The Worldwide Migration Crisis: Time for a Serious Discussion about How to Respond
Donald Trump’s call for completion of the border security fence that was mandated by Congress but, like a lot of other immigration enforcement legislation has never been fully implemented, has been met with the usual derision by the political and media elite.
An effective border fence by itself will not solve America’s illegal immigration crisis, but it is an important component of an overall strategy to address the issue. A border fence is also not a uniquely American idea. Sixty-five security fences are in place along international borders around the world (and even within countries), according a study conducted by the University of Quebec.
In the face of a growing international migration crisis, new ones are going up. Hungary, a gateway for migrants attempting to reach Western Europe from Syria and other war-torn and collapsed societies is working to complete a fence along its border with Serbia. Estonia is building a fence in response to growing instability in neighboring Ukraine.
Some 300,000 migrants have attempted the dangerous journey across the Mediterranean this year. Germany, Europe’s most prosperous nation, is expecting an influx of 800,000 migrants this year alone.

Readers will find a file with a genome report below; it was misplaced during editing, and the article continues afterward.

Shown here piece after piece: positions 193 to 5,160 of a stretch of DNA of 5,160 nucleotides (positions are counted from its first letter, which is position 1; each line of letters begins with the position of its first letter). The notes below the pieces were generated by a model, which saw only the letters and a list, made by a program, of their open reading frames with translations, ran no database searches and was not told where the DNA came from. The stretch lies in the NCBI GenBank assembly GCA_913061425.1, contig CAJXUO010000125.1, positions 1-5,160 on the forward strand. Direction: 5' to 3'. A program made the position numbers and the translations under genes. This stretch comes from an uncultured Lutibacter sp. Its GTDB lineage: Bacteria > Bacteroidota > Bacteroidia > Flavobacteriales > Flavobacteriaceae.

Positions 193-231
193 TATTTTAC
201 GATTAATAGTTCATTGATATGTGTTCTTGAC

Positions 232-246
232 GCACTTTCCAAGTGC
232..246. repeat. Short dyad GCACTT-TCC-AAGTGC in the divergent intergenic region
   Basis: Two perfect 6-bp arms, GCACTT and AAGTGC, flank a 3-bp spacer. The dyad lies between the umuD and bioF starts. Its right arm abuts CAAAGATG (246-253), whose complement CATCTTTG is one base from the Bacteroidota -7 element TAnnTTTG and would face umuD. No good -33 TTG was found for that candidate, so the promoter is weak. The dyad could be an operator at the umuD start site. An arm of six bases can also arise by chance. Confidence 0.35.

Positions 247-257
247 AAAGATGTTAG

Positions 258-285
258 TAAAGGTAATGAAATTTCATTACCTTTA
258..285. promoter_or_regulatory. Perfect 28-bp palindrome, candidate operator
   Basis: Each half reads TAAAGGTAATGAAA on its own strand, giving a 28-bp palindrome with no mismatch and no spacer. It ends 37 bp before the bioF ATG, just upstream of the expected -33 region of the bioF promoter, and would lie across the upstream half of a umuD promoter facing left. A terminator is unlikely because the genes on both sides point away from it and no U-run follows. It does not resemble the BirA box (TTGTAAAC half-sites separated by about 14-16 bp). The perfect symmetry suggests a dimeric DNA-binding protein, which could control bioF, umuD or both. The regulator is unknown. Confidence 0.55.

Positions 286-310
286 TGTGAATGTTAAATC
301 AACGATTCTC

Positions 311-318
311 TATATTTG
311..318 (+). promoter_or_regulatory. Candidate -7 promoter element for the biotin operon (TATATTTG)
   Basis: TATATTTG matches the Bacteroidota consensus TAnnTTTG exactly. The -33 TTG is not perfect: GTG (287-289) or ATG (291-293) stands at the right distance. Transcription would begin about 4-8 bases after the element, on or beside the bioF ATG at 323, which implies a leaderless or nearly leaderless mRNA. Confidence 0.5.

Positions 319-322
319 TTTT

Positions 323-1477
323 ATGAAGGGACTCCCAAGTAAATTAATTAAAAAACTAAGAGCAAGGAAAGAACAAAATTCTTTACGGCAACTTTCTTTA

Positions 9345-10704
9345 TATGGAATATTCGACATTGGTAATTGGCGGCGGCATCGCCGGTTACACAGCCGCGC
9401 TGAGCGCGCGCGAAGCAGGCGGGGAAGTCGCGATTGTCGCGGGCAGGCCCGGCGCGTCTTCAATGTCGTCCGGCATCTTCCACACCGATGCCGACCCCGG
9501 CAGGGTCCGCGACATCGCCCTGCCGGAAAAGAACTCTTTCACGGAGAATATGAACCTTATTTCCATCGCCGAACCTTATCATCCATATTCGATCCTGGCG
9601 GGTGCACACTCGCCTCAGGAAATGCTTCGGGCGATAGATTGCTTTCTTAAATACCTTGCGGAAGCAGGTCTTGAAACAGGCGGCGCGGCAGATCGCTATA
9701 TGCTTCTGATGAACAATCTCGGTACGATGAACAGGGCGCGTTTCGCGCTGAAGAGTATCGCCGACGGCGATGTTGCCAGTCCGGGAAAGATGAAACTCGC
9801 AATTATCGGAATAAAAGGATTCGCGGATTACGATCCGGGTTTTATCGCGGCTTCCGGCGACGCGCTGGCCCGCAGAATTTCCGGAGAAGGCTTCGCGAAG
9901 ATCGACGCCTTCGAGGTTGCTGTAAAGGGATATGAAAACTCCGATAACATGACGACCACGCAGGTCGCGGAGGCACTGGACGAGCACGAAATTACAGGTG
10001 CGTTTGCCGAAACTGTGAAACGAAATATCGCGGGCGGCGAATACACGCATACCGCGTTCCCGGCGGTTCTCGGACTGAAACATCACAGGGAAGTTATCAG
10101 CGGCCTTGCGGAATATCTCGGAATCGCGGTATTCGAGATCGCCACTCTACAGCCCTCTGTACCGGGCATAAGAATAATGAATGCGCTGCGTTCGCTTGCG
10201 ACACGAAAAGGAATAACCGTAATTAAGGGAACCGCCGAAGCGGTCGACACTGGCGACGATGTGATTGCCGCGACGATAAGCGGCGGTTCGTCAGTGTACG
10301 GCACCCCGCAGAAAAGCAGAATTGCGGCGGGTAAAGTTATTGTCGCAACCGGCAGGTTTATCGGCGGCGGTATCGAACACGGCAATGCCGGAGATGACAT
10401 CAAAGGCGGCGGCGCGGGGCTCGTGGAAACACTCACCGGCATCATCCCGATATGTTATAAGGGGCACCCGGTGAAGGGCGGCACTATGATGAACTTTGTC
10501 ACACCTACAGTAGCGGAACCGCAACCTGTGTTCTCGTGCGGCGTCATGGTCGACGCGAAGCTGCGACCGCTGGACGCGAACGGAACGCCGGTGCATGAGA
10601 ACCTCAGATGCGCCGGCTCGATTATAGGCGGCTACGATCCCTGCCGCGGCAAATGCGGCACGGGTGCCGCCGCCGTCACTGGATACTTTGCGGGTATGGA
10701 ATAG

The situation around the world tells us two things: Security fences are an effective (though not perfect) tool for combatting mass, unauthorized migration across international borders. The United States and other Western nation need to develop new strategies in the face of an unprecedented wave of migration. We need security barriers, but they have to be part of a larger plan to deal with a global crisis.
We are in the midst of a presidential campaign, which is a good time for the men and women who are seeking the nation’s highest office to offer up some new ideas for addressing, not merely managing a crisis that seems to grow worse by the day. In the case of the United States, the crisis has been exacerbated by reckless policies that seem to encourage migrants to flood across our borders.
The United States is not alone; almost every Western democracy is grappling (some more successfully than others) with the same issues. It is time for Americans and the media to challenge all of our leaders and prospective leaders to put forth their ideas for address one of the most serious issues of our time instead of just attacking the ideas of their opponents.